Bourgeois’s first image of a spider appeared in a small drawing in 1947. In 1994, she began making spiders out of found materials and later casting them in bronze and steel.

Joan Mitchell, (1963)
Gallery: Pace
Asking price: $14 million  

Joan Mitchell, Girolata Triptych (1963). © Estate of Joan Mitchell Courtesy: Pace Gallery.

Joan Mitchell, Girolata Triptych (1963). © Estate of Joan Mitchell Courtesy: Pace Gallery.

The triptych comes from a private collection in Paris and has never appeared at auction. It was inspired by Mitchell’s frequent trips to a small coastal village of Girolata in Corsica, France, early on in her passionate and tumultuous relationship with fellow Abstract Expressionist Jean-Paul Riopelle. One of Mitchell’s first large-scale triptychs, it spans more than 10 feet across and includes three human-height canvases. It was included in Mitchell’s 2021 retrospective at the San Francisco Museum of Modern Art. “Each of three white canvases is dominated by a large, dark-green mass—like a giant clenched fist,” critic Lance Esplund wrote about the work in the . “The forms are in tension with one another—separate yet connected; fixed yet ascending.”

Pablo Picasso, (1963-64)
Gallery:
Helly Nahmad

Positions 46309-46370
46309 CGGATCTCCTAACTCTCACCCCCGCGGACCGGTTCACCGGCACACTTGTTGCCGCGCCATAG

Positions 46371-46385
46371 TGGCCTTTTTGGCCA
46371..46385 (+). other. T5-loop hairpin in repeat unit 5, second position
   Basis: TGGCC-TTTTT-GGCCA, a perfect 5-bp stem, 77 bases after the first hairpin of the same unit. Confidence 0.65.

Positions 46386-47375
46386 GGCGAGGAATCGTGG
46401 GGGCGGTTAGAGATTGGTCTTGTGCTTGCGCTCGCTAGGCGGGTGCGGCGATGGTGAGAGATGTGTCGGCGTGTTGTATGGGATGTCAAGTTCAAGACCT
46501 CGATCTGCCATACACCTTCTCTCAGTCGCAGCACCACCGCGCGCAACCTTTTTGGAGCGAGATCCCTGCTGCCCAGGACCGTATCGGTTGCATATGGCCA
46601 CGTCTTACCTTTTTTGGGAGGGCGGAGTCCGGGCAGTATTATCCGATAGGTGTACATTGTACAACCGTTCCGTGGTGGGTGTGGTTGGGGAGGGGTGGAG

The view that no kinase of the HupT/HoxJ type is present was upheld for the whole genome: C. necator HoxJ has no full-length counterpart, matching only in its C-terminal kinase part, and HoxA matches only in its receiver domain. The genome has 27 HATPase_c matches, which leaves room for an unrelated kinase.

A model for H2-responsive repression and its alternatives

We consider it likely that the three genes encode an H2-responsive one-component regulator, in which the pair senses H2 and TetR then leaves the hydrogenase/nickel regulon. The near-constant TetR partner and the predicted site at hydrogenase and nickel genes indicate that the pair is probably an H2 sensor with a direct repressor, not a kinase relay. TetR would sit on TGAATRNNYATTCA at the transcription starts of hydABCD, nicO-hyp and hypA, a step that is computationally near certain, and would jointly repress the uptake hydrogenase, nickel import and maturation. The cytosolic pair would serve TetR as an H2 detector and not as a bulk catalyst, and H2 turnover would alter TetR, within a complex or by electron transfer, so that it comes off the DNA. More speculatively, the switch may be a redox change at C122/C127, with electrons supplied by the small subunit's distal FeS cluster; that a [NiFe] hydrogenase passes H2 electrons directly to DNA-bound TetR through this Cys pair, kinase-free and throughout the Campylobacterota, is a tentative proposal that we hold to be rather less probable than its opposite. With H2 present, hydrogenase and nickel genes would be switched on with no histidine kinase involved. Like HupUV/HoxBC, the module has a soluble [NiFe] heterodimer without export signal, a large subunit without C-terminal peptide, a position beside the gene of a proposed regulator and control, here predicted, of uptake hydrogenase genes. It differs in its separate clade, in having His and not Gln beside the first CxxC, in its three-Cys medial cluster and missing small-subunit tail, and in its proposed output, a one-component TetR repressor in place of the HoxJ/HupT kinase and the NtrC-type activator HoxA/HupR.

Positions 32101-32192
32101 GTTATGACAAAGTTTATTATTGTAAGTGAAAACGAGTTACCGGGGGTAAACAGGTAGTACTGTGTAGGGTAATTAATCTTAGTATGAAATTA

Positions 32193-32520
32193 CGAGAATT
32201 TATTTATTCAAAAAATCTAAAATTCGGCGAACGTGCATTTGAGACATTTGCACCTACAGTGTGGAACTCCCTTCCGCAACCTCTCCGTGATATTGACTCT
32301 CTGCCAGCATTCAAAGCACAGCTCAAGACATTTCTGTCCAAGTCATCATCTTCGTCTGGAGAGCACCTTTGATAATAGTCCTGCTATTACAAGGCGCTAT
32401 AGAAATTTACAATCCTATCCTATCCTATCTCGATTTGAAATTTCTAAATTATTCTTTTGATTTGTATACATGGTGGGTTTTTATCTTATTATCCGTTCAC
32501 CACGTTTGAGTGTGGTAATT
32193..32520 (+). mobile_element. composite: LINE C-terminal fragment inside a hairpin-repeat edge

Asking price: $11 million 

Pablo Picasso, <i>Le peintre et son modèle</i>(1963-1964). Courtesy: Helly Nahmad Gallery.

Pablo Picasso, Le peintre et son modèle(1963-1964). Courtesy: Helly Nahmad Gallery.

The subject of this painting is Jacqueline Roque, Picasso’s late-life muse and second wife whom he married in 1961, ushering “L’Epoque Jacqueline” in his art, as the artist’s biographer John Richardson would later proclaim. Picasso explored the theme of the artist in his studio in the 1920s and 1930s, returning to it with a series of works in 1963-’64, working at a breakneck speed and producing two dozen canvases in March 1963 alone. Helly Nahmad’s painting depicts a reclining nude in a studio, observed by the artist’s looming, dark figure. It was last on the market in 2004, fetching $2.1 million at Christie’s. The Artnet Price Database lists 54 paintings with the same title and similar composition created between 1963 and 1964, with the highest auction price of $13.6 million achieved in 2006.

Andy Warhol,  (1973)
Gallery:
Jeffrey Deitch
Asking price: $10 million

Andy Warhol, Mao (1973). Courtesy of Jeffrey Deitch.

Andy Warhol, Mao (1973). Courtesy of Jeffrey Deitch.

This artwork last traded in 2015, when it fetched $14.5 million at Sotheby’s. The owner now consigned it to Deitch with an asking price of $10 million. “I’ve adjusted to the current market so that it’s a very attractive price,” Deitch said. (Curiously, Di Donna Galleries will also have a Mao in Basel, albeit a smaller one, with the asking price of $4.5 million).